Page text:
Thursday, July 7, 2016

Wandering: "Achilles' Last Stand" (Led Zeppelin)

Ironman KMSA; Amber Larson, Dhr. Seven, CC Liu (eds.), Wisdom Quarterly
The Triumph of the ancient Greek hero Achilles in Corfu Achilleion (wiki)

Ironman KMSA This is my favorite band and song, "Achilles' Last Stand," by the British rock group Led Zeppelin, the opening track from their 1976 album Presence. It was written by Jimmy Page and Robert Plant at Page's house in Malibu, California where they stayed for a month while Plant recovered from a serious car accident he had in Greece in 1975. The song was then recorded at Musicland Studios in Munich, Germany.

Lyrics: "Achilles' Last Stand"
Jimmy Page, Robert Plant (
Achilles in battle with Hector with the help of the Goddess Athena (bernicekahay)
Presence album cover
It was an April morning when they told us we should go
As I turned to you, you smiled at me, how could we say no?

With all the fun to have, to live the dreams we've always had
Oh, the songs to sing, when we at last return again

Sending off a glancing kiss to those who claim they know
Below the streets that steam and hiss, the devil's in his hole

Oh to sail away to sandy lands and other days
Oh to touch the dream hides inside and never seen.

Into the sun the south the north, at last the birds have flown
The shackles of commitment fell in pieces on the ground

Oh to ride the wind, to tread the air above the din
Oh to laugh aloud, dancing as we fought the crowd

To seek the man whose pointing hand, the giant step unfolds
With guidance from the curving path that churns up into stone

If one bell should ring in celebration for a king
So fast the heart should beat as proud the head with heavy feet

Days went by when you and I bathed in eternal summer's glow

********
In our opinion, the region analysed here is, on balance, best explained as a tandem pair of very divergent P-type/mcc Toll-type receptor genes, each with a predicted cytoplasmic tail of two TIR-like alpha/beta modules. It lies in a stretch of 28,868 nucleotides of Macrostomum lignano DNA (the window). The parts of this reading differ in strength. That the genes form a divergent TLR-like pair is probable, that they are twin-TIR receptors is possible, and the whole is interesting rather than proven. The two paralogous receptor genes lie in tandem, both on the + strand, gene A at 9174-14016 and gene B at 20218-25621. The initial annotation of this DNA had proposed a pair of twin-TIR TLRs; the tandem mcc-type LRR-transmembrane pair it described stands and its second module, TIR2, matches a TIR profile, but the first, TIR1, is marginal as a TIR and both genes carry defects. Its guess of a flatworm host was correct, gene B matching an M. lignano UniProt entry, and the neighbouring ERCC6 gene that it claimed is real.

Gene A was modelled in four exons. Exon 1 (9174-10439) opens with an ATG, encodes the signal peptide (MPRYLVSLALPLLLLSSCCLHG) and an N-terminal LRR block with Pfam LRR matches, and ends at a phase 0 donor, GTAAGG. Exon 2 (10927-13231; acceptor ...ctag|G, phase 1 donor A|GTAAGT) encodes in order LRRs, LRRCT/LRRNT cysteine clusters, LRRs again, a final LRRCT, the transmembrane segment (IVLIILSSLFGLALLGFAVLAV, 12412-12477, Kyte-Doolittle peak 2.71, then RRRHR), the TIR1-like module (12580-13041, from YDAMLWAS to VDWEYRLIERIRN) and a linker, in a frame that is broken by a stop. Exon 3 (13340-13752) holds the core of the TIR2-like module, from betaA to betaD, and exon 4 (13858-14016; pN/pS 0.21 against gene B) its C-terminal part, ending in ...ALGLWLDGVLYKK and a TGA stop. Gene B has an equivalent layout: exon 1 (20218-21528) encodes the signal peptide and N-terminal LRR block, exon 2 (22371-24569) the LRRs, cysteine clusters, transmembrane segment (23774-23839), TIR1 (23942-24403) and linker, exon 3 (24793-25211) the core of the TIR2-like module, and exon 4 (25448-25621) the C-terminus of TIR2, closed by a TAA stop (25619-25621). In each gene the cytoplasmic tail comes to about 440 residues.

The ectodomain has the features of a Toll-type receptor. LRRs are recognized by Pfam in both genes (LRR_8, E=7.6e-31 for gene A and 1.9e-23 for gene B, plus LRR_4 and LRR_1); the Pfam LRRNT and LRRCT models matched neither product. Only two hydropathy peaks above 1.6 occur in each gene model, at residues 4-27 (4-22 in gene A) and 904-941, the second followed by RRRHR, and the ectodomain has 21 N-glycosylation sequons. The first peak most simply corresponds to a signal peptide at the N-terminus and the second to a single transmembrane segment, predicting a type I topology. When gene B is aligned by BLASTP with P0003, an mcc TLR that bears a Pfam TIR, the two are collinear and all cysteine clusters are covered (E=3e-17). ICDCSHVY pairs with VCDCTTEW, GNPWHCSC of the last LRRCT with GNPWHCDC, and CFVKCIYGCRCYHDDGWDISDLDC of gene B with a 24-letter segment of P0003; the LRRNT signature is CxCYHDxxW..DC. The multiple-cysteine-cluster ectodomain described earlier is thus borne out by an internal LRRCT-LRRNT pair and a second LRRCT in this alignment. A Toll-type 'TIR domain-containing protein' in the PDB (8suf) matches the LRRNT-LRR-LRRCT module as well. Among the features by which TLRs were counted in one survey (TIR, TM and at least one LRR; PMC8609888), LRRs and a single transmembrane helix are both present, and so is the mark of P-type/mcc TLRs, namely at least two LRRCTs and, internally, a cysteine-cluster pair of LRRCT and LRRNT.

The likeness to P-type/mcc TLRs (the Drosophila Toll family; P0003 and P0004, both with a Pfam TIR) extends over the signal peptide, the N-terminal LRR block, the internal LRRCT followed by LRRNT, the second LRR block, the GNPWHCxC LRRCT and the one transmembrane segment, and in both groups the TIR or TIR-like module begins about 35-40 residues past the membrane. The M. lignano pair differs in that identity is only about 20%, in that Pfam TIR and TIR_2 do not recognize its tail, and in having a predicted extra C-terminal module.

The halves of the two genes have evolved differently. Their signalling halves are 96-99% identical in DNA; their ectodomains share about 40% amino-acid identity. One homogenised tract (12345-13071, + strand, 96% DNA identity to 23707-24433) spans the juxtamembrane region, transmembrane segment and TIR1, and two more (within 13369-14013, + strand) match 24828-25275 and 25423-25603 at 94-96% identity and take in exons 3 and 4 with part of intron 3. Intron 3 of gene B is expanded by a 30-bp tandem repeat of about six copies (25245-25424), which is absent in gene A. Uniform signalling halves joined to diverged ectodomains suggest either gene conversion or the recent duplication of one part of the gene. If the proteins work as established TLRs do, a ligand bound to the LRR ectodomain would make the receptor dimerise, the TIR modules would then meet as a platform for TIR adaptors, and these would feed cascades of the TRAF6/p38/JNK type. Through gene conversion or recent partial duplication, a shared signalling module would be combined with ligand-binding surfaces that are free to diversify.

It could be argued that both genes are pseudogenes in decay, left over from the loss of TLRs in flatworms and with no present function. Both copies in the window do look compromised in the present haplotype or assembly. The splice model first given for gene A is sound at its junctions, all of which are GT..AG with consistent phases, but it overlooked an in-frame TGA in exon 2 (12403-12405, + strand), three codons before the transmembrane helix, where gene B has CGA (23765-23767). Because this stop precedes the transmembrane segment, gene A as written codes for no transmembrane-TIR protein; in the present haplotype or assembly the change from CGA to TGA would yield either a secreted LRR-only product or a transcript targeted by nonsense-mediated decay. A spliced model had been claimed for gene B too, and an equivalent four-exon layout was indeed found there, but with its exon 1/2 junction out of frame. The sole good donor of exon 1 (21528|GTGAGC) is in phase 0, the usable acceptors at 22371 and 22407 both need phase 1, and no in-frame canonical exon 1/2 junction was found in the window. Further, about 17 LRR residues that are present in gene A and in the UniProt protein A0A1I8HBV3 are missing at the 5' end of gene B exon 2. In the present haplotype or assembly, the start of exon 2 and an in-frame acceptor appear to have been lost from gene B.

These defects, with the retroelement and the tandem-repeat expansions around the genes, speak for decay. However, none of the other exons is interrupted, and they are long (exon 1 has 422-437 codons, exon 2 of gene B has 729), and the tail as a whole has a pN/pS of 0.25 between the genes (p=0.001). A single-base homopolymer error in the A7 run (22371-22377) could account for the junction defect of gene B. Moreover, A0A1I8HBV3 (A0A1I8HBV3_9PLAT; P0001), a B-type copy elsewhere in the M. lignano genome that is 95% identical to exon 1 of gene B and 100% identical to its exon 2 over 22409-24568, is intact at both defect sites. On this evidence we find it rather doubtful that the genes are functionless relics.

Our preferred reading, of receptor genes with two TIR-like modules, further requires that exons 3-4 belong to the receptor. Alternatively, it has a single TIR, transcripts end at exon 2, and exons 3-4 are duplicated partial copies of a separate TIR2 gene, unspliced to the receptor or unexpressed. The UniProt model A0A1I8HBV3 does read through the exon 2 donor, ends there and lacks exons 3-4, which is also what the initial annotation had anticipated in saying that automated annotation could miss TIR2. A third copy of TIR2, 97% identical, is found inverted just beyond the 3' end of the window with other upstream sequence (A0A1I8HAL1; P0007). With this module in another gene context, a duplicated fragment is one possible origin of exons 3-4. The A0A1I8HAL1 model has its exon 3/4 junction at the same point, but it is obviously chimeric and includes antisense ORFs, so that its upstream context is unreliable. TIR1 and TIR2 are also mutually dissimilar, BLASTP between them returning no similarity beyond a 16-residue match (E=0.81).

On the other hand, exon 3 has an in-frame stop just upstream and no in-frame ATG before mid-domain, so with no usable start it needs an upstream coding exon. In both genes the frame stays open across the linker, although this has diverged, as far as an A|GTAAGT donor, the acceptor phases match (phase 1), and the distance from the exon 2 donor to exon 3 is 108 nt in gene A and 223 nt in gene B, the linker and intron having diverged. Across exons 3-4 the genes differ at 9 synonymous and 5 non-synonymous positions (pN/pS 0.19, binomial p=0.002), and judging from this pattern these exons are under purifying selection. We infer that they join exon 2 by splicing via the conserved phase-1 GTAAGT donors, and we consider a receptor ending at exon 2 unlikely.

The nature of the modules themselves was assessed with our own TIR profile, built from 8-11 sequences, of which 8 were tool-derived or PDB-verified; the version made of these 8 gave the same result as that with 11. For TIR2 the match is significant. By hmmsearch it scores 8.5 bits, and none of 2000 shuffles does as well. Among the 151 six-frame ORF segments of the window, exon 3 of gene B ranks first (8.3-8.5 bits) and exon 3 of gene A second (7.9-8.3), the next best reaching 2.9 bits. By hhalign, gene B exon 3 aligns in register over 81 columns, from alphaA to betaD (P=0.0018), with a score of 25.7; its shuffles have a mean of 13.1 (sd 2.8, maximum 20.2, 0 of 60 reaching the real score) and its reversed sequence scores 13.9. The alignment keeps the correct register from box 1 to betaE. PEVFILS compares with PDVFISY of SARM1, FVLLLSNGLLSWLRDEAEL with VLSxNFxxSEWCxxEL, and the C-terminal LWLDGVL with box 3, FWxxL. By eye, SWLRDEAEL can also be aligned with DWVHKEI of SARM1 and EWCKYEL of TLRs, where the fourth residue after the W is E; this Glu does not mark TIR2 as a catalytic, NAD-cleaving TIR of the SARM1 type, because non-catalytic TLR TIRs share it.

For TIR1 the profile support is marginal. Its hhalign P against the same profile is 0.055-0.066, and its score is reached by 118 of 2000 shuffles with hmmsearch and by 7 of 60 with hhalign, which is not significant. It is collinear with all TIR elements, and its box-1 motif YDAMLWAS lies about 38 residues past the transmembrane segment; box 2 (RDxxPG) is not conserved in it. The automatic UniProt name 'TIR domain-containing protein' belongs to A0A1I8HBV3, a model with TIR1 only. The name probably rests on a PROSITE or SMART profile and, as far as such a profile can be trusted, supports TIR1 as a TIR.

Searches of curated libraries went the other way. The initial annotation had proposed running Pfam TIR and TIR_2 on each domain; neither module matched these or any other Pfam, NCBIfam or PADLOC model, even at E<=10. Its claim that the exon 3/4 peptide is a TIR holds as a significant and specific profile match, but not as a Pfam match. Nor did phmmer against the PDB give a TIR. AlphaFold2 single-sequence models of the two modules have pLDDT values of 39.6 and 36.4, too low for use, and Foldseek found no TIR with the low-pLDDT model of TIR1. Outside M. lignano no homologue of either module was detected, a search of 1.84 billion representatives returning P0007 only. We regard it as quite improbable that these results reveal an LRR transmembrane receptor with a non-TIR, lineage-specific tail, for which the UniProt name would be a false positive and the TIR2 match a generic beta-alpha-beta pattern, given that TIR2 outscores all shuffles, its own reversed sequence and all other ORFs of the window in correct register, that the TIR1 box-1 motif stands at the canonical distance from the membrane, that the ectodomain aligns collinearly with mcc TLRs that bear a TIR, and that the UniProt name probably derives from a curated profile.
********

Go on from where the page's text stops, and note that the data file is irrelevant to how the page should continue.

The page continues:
As far away and distant our mutual child did grow

Oh the sweet refrain soothes the soul and calms the pain
Oh Albion remains sleeping now to rise again

Wandering and wandering, what place to rest the search?
The mighty arms of Atlas hold the heavens from the earth

The mighty arms of Atlas hold the heavens from the earth
From the earth...

I know the way, know the way, know the way, know the way
I know the way, know the way, know the way, know the way
Oh the mighty arms of Atlas hold the heavens from the earth.

Wandering and wandering
Ven. Thanissaro (Geoffrey DeGraff/ edited and expanded by Wisdom Quarterly
Peace pagoda, Buddhist Gaden Batersea Park (Andrea Grasso/
Siddhartha wandered until nirvana.
In ancient Buddhism samsara -- which literally means the continued "wandering-on" -- is the problem as it entails every form of dissatisfaction, disappointment, lack of fulfillment, suffering. The final solution is nirvana.

[Modern Mahayana Buddhism says, "Don't worry, they're the same thing, samsara is nirvana, and some foolishly buy the slogan. But it's certainly not what the Buddha said. In many ways he taught of the near inescapability of this "hamster wheel," round of rebirth, Wheel of Life and Death, samsara.]
Many people think of samsara as the Buddhist name for the place where we currently live -- the place we leave when we go to nirvana. But in the early Buddhist texts, it's the answer not to the question, "Where are we?" but to the question, "What are we doing?"

Instead of a place, it's a process: the tendency to keep creating worlds and then moving into them. As one world falls apart, we create another one and go there. At the same time, we bump into other people who are creating their own worlds, too.
Countless worlds of rebirth in 31 general planes
The play and creativity in the process can sometimes be enjoyable, as the Hindus describe a kind of lila or "divine play." It's all just GOD at its sport, Brahman knowing itself.

In fact, samsara would be perfectly innocuous if it didn't entail so much ignorance and real suffering. Enlightenment and freedom are much better! The worlds we create keep caving in and killing us.